Nutritious, Cheap, and Plentiful –Why not eat insects?

by Mary Hall on April 11, 2013

Have you ever eaten an insect?  I have.  In the larval stage –steamed and buttered.  It was the size of a plump raisin, but green, and tasted like fresh steamed broccoli.  Actually, I believe I ate quite a few.  Does that make me an “entomophagist” ?   I would be inclined to say “no.”  An entomophagist is a person who eats insects as a general practice. I ate my larvae by accident, before I noticed them among the organic broccoli florets on my dinner plate.  Once I realized what I had done, I was fairly grossed out.

Nonetheless, just like you, I continue to  eat quite a few insects.   In  U.S. Food and Drug Administration (FDA) parlance, insect parts are “natural defects” in food.  Nothing’s perfect.   What are a few harmless insect heads, wings, eggs, larvae, and worms?    To give you an idea, here’s a sample of what you’ve been eating:

Information Source: U.S. FDA Defect Levels Handbook

Clearly, you’ve been enjoying foods containing insects (who doesn’t love chocolate? ).    Why not join 80% of the world’s population and make them an important part of your diet?  After all, insects are incredibly nutritious and tasty.

“They taste like a huge sunflower seed”

One student’s response upon eating a grasshopper 

Insects are more Nutritious than Meat

According to the Food and Agriculture Organization of the United Nations (FAO), insects are an excellent source of protein. Like meat, they contain all of our essential amino acids.  Moreover, their protein content is often higher than that of beef, pork, chicken, or fish.  Add to that– insects are an excellent source of vitamins, minerals, and polyunsaturated fats.  They’re particularly high in  B vitamins, iron, and zinc.

What’s Holding Us Back?

It’s definitely not the nutritional profile.  Could it be our climate?  According to the FAO, given our climate and the fact that insects are cold-blooded, many developed nations have been at a disadvantage in terms of insect variety, size, and abundance.  This may be why we don’t have a long history of eating them.  In the tropics, insects are larger, more varied, and available year round.  In our climate, the insects are smaller and not always available due to hibernation.

While this explanation sounds feasible, it doesn’t make sense for the southernmost portion of the United States. You have to wonder why Southerners have failed to embrace insect cuisine.  They seem to be fumigating excellent food down there.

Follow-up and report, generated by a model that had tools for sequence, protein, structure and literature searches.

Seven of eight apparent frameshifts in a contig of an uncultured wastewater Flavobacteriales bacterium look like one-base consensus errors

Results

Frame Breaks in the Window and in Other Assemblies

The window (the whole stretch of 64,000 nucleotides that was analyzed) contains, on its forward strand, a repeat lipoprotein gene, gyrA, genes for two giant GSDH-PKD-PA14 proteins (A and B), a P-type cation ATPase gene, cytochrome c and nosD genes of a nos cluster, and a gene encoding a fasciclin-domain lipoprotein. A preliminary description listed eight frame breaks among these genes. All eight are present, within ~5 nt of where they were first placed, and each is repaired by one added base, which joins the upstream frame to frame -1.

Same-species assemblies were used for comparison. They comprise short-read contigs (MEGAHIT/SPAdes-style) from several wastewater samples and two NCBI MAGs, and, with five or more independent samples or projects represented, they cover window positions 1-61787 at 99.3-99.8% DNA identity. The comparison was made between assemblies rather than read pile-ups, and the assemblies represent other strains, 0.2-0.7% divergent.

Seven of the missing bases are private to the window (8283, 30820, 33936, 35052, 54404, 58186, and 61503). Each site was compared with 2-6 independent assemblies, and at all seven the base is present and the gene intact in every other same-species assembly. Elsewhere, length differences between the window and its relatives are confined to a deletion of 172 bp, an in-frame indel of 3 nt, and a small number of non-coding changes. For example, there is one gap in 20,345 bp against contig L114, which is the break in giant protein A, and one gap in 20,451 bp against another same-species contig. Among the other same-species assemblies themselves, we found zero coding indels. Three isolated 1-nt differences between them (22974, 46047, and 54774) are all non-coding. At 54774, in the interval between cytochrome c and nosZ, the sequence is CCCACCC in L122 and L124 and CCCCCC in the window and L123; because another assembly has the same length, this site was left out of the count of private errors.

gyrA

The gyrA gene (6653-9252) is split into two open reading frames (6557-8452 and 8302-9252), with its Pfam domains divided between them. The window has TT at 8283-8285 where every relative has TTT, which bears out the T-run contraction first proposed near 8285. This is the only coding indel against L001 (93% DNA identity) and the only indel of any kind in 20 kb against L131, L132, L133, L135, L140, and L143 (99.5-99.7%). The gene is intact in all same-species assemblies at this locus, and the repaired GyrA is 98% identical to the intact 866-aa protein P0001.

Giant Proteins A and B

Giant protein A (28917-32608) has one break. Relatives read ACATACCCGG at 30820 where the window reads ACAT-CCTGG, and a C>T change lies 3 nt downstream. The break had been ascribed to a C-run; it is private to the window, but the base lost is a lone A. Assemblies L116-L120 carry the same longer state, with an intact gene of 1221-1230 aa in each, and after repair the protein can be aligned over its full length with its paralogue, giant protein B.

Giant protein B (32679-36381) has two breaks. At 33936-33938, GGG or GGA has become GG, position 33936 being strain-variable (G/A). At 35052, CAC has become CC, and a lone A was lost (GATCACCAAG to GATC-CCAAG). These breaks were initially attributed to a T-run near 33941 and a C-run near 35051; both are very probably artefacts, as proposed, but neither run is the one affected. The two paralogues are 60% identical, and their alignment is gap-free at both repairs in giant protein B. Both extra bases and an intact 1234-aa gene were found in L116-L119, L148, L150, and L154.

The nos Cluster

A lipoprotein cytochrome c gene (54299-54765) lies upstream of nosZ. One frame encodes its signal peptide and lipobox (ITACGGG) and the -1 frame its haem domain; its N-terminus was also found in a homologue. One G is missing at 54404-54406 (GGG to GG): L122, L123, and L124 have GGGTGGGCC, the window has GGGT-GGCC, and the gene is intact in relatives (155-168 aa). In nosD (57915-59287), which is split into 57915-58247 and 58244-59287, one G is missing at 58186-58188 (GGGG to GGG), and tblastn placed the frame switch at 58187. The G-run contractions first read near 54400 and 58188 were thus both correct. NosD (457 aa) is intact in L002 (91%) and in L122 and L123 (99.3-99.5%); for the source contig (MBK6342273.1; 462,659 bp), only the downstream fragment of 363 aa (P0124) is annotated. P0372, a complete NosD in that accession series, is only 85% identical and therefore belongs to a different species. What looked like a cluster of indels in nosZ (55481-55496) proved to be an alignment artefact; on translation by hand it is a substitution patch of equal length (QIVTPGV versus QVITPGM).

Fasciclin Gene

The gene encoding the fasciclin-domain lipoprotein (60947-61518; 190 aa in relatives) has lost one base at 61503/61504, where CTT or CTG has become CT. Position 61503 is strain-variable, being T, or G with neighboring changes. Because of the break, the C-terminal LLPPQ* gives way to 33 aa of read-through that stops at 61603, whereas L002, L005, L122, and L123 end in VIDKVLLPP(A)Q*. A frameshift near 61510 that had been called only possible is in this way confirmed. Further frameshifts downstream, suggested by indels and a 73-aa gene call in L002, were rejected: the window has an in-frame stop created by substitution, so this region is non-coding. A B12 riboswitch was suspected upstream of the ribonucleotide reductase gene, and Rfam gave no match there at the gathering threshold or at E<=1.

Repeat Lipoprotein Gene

“China’s Maggot Factories Hoping to Feed the World”

Story headline on FAO website for the Edible Insects Programme 

As the world’s population continues to grow, so do concerns about our ability to produce enough food.  The objective of the FAO Edible Insects Programme is  to cultivate insects as a sustainable food source worldwide.  Sooner or later, you may find yourself craving one or more of the  1,909 edible species of insect.

In Case You Want to “Try this at Home”

Why not start with something familiar–like a grasshopper.  It’s similar to shrimp (apparently).  You de-vein them and peel off their clear shells.  Or just bread them and deep fry them exoskeleton and all.  Maybe you should pull off the little legs  . . . oh, and the wings. 

“With a little soy sauce and a dash of paprika, a fried grasshopper tastes something like a little soy sauce and a dash of paprika”

From The Food Insects Newsletter

Recipe Source: The Food Insects Newsletter



Dunkel, F. 1991. McGrasshoppers in Montana from The Food Insects Newsletter. Volume IV, Number 1, March 1991. Montana State University

U.S. Food and Drug Administration. 1998. The Food Detect Action Levels: Levels of natural or unavoidable defects in foods that present no health hazards for humans. From Defect Levels Handbook. Accessed April 11, 2013.  Last Updated: April 9, 2013.


Edible Forest Insects. Food and Agriculture Organization of the United Nations (FAO).

This site provides an overview of topics involving edible insects, including nutritional benefits, environmental benefits, and availability in different parts of the world.

Food Insects Newsletter.

A collaborative effort involving specialists from various universities, including Montana State University at Bozeman, University of Alabama at Birmingham, and Wageningen University, The Netherlands.